페이지 이미지

their vocabulary) could yet hold preferment in a church professedly protestant, and so recklessly practise the very rites they were bound by their own vows to renounce as idolatrous and superstitious. It was therefore more in sorrow than in anger, that he heard Emma's avowal.

"I must love the Cross, uncle, when I think, as who can fail to do, of all its mournful and yet delightful associations! I must love it." Then raising her eyes and clasping her hands, she whispered audibly, " O Crux! Ave spes unica!"

"Emma!" said Mr. Singleton, rising in his emotion, and seizing her clasped hands, as if by this proceeding he hoped to neutralize an act of idolatry, for which alone the heart was responsible-Emma! my dear Emma! you can hardly be aware of the enormity of your guilt in offering to a mere piece of wood, the honor and worship which are alone due to God. If an angel, specially commissioned to open to the eyes of John in Patmos, as full a view as he could bear, of the glories of that great city, the holy Jerusalem above, could in a voice of thunder, denounce an act of worship paid to him, how can you be guiltless in thus calling on a shapeless piece of wood as your only hope?"

"But, uncle,” replied Emma, "we look beyond the symbol to the symbolized."

"As a catholic, you cannot do this," said Mr. Singleton, again taking up the little book and rapidly turning over its pages. Then, having found the chant required, he read as follows:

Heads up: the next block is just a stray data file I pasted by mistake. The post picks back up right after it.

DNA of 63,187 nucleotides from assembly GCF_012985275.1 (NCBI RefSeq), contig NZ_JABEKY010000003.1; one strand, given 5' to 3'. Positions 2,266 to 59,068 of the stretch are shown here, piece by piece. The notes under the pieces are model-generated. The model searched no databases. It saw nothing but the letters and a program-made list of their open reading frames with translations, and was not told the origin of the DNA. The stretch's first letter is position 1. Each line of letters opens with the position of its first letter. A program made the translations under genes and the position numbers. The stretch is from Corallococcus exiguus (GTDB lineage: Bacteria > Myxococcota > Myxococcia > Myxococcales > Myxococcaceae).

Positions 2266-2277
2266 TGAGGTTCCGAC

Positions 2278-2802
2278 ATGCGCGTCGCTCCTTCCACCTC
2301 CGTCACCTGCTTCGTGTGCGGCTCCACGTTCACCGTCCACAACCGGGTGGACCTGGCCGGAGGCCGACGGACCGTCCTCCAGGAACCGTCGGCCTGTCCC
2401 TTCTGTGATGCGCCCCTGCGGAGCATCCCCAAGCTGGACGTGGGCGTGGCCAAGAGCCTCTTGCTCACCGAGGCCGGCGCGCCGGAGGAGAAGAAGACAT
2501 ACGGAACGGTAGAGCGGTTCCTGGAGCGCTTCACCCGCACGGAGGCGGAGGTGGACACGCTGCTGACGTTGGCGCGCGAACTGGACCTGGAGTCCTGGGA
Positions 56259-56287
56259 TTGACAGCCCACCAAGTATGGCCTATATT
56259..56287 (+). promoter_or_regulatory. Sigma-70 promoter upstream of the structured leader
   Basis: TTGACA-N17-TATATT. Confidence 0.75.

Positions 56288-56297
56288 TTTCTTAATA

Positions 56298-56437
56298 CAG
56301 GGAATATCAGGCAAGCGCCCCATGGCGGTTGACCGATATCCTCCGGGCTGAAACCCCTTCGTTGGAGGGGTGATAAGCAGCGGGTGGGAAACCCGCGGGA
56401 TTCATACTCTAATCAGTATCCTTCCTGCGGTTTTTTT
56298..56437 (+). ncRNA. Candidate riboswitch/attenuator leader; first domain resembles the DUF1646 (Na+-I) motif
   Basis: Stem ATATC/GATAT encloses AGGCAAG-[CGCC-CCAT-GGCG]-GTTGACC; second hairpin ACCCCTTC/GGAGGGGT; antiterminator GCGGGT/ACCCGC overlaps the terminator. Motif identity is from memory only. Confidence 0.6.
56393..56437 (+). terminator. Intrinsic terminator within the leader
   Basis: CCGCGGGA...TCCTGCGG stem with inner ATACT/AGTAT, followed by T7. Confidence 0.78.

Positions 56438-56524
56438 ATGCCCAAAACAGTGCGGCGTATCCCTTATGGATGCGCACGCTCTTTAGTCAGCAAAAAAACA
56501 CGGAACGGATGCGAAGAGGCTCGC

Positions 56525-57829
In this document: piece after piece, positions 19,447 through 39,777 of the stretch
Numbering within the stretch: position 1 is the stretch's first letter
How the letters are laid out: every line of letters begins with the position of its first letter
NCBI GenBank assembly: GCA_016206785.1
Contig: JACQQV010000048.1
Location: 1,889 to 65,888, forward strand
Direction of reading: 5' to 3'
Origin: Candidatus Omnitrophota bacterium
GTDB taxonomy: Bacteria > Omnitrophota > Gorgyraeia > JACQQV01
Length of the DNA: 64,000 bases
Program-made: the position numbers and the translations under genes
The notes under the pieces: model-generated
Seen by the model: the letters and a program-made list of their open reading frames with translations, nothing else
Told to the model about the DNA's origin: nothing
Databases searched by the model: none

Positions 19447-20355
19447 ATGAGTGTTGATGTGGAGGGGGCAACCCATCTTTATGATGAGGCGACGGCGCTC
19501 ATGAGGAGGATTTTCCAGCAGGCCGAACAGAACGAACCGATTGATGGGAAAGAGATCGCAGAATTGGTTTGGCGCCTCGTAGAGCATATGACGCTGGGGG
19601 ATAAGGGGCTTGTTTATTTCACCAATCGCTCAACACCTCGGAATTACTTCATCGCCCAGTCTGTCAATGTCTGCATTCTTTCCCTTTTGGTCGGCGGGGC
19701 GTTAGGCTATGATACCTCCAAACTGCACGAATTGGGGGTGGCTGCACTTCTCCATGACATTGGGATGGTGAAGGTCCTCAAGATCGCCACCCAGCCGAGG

Crux Fidelis.

"O faithful Cross! O noblest Tree!

In all our woods, there's none like thee:
No earthly groves, no shady bowers,
Produce such leaves, such fruit, such flowers;
Sweet are the nails, and sweet the wood,
That bear a weight, so sweet, so good!




"Bend, towering tree! Thy branches bend!
Thy native stubbornness suspend;

Let not stiff nature use its force,

To weaker sap have now recourse;
With softest arms, receive thy load,
And gently bear our Dying God."

"If this, Emma," he continued, "be not idolatry of the grossest kind, I know not what is; especially when its use is preceded by all those forms connected with it in the Romish church. The priest, as you know too well, had previously uncovered the symbol, and carried it to a place before the altar, where the feet of the crucifix, having been first kissed by himself, were kissed by all the clergy and laity, two and two, kneeling thrice on both knees. And, here, is the paraphrase of your own very ejaculation. "Hail Cross! our Hope, on Thee we call, Who keep this mourning festival:

Grant to the just increase of grace,
And every sinner's guilt efface!"